The Bank of England moved further away from adding more stimulus to Britain’s economy this month and seemed less concerned by rising market borrowing costs, minutes of its latest policy meeting showed on Wednesday. The two current policymakers who in previous months had seen a compelling case for more asset purchases to stimulate activity retreated from this position at the September meeting following signs of strengthening economic growth.
The nine-member Monetary Policy Committee (MPC) also chose not to repeat July and August’s warning that bond market yields were rising faster the data warranted — a rise the Bank had previously worried might be a headwind to the recovery.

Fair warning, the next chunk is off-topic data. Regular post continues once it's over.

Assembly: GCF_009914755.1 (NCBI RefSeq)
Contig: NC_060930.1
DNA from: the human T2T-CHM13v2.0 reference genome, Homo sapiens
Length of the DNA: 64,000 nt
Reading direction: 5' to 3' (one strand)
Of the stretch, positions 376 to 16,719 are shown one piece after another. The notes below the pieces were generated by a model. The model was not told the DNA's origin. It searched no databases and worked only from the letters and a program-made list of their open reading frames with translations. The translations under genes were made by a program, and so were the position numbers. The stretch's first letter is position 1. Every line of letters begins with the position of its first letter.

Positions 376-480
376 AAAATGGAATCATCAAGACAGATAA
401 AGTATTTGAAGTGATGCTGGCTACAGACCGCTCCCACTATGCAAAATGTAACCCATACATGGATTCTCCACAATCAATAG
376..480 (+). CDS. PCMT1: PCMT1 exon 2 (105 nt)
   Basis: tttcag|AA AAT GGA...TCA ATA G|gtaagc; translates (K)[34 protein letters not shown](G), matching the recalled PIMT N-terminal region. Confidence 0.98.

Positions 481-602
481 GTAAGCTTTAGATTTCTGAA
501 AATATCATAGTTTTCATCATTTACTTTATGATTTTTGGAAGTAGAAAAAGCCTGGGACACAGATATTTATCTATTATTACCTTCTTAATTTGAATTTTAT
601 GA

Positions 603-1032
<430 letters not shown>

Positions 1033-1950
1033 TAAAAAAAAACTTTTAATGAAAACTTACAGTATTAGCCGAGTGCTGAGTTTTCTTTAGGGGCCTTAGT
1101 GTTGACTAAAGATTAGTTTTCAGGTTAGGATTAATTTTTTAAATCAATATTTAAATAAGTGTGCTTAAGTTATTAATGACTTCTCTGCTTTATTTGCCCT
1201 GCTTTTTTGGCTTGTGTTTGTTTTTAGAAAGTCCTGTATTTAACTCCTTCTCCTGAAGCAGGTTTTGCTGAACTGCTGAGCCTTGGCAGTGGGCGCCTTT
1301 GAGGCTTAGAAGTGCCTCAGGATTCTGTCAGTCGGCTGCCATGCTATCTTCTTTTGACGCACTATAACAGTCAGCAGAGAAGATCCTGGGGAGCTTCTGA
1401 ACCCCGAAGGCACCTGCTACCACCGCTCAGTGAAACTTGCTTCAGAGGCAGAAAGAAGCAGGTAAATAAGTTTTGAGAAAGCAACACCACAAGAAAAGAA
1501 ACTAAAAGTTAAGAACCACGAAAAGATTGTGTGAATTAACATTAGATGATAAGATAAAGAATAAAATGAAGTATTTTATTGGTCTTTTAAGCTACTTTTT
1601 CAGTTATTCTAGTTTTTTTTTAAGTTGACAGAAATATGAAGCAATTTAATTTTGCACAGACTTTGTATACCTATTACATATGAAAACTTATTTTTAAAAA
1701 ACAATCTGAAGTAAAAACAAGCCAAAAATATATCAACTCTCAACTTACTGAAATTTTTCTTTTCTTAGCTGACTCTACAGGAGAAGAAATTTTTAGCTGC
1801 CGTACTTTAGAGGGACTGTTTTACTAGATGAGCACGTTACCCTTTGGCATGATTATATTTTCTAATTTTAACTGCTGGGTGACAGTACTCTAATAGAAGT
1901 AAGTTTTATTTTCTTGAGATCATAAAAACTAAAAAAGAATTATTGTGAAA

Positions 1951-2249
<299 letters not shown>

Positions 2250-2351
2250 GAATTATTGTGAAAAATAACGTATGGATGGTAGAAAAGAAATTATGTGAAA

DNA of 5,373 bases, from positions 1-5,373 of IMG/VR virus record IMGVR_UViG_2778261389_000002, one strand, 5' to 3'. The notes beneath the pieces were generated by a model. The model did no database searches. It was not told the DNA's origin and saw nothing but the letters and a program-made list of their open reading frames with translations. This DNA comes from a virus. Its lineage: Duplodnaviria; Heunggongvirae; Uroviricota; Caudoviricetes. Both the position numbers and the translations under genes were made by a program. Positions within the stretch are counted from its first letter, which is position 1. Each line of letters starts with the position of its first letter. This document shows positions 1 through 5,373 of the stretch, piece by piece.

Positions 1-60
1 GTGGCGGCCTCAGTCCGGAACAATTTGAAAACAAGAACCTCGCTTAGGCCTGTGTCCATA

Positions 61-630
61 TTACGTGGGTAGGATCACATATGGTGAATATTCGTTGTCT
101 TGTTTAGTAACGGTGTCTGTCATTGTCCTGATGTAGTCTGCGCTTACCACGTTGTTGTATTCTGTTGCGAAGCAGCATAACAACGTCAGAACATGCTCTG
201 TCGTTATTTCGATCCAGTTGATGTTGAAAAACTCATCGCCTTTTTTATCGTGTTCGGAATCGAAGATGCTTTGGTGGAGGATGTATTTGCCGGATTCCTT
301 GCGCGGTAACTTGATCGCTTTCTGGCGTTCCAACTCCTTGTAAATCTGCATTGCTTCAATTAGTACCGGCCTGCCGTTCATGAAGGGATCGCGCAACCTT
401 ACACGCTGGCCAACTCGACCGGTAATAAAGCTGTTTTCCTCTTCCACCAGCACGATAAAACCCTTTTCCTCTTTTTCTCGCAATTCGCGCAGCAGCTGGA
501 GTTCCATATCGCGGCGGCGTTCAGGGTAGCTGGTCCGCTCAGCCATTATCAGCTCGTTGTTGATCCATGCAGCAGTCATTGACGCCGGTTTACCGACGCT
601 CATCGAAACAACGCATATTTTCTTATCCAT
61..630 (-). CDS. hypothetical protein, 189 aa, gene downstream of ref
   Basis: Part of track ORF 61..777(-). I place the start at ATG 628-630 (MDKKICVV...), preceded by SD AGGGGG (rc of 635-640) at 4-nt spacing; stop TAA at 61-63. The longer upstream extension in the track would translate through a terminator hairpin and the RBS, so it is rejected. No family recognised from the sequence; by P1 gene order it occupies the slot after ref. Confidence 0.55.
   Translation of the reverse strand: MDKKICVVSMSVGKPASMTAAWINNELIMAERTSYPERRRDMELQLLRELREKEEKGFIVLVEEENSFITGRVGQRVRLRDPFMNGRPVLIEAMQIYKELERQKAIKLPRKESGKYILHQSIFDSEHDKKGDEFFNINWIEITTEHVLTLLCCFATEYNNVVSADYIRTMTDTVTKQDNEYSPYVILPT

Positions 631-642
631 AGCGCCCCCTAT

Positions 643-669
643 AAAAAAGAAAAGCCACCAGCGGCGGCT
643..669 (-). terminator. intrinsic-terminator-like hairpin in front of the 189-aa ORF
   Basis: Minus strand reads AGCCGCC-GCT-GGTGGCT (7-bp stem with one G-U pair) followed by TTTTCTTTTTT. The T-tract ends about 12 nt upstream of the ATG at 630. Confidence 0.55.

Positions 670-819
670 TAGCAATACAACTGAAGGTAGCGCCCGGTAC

It said “promising” data over the past month meant output in the third quarter was likely to be around 0.7%, higher than the 0.5% it forecast in August. It also predicted growth could strengthen further towards the end of the year.
Policy committee members Paul Fisher and David Miles had voted earlier in the year to restart the central bank’s QE asset-buying programme. They put their call on hold in July and August pending an assessment of future rate guidance adopted by governor Mark Carney. The BoE remains keen to avoid having markets think any rise in official interest rates is imminent while recovery remains in its early stages.